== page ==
There are two ways a student learns and then teaches others. As they first learn and consume the information they are just a conduit, taking it all in, and passing it on to the next person. Of course they have an understanding, but they have not internalized that information; it did not become one with them. They didn’t take ownership of it. Over time, however, they can come to a deeper appreciation of the material they have learned. They start to take ownership of it. They have internalized the information. At this point, they are not sharing it in “third person” any longer; it is theirs. Of course, they will always recognize their teacher and will always give credit to that individual; nevertheless, it becomes theirs. 

I am sure you can relate when you catch yourself thinking, “Oh my! I sound like my mother!” The words that you said are your own. However, the message that your mother taught you was incorporated into your being to such an extent that you started thinking and talking exactly like her.

This is the meaning of “G-d spoke through Moses’s mouth.” Moses became so devoted to G-d that when he spoke in first person, it was not because he spoke on his own as in a selfish way, but because he became so selfless that his whole being was about teaching what G-d had taught him.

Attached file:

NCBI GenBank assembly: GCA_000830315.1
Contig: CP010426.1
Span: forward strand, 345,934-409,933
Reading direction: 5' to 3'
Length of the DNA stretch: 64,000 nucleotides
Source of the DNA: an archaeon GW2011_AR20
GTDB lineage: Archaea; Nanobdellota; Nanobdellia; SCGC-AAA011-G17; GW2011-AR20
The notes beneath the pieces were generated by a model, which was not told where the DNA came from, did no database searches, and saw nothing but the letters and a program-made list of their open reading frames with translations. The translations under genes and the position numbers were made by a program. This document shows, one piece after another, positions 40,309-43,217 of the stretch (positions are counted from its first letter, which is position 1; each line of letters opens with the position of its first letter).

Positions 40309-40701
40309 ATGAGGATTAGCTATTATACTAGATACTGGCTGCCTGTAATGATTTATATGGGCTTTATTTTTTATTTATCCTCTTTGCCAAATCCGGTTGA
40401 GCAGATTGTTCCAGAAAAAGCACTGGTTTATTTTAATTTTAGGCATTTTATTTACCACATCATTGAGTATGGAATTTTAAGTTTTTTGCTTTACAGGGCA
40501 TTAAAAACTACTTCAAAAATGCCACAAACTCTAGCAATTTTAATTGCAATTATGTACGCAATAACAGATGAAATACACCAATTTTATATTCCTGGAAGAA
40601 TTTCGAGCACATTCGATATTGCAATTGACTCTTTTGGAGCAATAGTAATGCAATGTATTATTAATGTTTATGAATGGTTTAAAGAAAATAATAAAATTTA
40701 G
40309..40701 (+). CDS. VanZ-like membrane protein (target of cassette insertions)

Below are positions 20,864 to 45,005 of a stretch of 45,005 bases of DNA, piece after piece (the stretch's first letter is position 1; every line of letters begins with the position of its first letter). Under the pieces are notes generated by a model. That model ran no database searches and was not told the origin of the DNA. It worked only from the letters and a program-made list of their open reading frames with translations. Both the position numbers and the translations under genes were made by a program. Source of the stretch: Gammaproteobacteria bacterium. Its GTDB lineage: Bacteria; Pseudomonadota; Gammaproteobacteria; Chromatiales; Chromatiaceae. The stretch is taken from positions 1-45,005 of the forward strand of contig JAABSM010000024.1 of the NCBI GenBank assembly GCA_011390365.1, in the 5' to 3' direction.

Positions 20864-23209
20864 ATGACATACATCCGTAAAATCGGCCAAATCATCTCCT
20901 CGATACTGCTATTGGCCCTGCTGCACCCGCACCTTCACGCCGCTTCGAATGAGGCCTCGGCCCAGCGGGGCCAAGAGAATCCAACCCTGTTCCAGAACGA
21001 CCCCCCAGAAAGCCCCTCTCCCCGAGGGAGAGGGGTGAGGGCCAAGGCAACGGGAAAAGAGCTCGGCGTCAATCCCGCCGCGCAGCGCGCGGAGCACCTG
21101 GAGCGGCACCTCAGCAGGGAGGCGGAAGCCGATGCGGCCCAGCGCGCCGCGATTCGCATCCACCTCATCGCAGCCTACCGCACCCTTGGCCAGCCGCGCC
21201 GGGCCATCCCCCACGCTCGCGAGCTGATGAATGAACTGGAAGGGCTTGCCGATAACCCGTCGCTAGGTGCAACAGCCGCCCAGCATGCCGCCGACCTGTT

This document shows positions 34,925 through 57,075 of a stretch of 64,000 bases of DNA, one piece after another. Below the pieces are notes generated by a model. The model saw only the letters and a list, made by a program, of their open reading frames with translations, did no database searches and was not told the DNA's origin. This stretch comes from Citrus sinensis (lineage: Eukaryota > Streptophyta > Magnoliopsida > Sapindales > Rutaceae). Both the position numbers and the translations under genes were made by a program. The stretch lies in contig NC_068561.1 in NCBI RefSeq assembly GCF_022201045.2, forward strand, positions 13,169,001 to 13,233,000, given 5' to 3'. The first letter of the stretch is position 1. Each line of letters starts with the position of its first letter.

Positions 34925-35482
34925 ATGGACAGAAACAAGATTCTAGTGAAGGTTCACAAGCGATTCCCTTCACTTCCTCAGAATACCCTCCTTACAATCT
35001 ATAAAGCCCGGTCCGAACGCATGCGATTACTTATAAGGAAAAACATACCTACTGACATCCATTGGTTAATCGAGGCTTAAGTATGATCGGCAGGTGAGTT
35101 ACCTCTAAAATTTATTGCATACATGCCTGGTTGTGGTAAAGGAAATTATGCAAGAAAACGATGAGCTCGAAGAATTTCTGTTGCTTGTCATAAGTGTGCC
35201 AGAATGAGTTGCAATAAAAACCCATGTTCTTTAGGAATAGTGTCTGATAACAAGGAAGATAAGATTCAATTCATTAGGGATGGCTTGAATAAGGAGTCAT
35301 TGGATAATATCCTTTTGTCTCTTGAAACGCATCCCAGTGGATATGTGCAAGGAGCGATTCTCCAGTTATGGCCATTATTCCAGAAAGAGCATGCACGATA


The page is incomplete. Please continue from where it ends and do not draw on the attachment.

That is why the fifth book of the Torah is exactly that: a fifth book, part and parcel of G-d’s five books of the Torah. 

 

 

A Murderers Refuge

Whatever your thoughts are on the death penalty, remember that they only apply to one who intentionally killed another. What should the punishment be for one who killed another inadvertently? Purely by accident; no reckless action involved. For example, just the other week, a man was using his lawn mower. He ran over a tool in his yard, the tool went flying and hit his young daughter. In this case, he did not kill her, but she did get a huge cut across her face and needed many stiches. But if she had died – G-d forbid – what should his punishment be? To make it more understandable, let’s say it was a neighbor’s kid. Who would you judge?

 

The Torah, In this week’s portion, gives us the law: Set up cities of refuge where such a person can flee so that they are protected from any family member of the victim who may want to seek revenge! They are to remain in these cities until the High Priest dies.

 

Interesting.  

 

We learn from this the following:

A – Family members can seek revenge only if the person is outside of the city of refuge, and only during the lifetime of the current High Priest.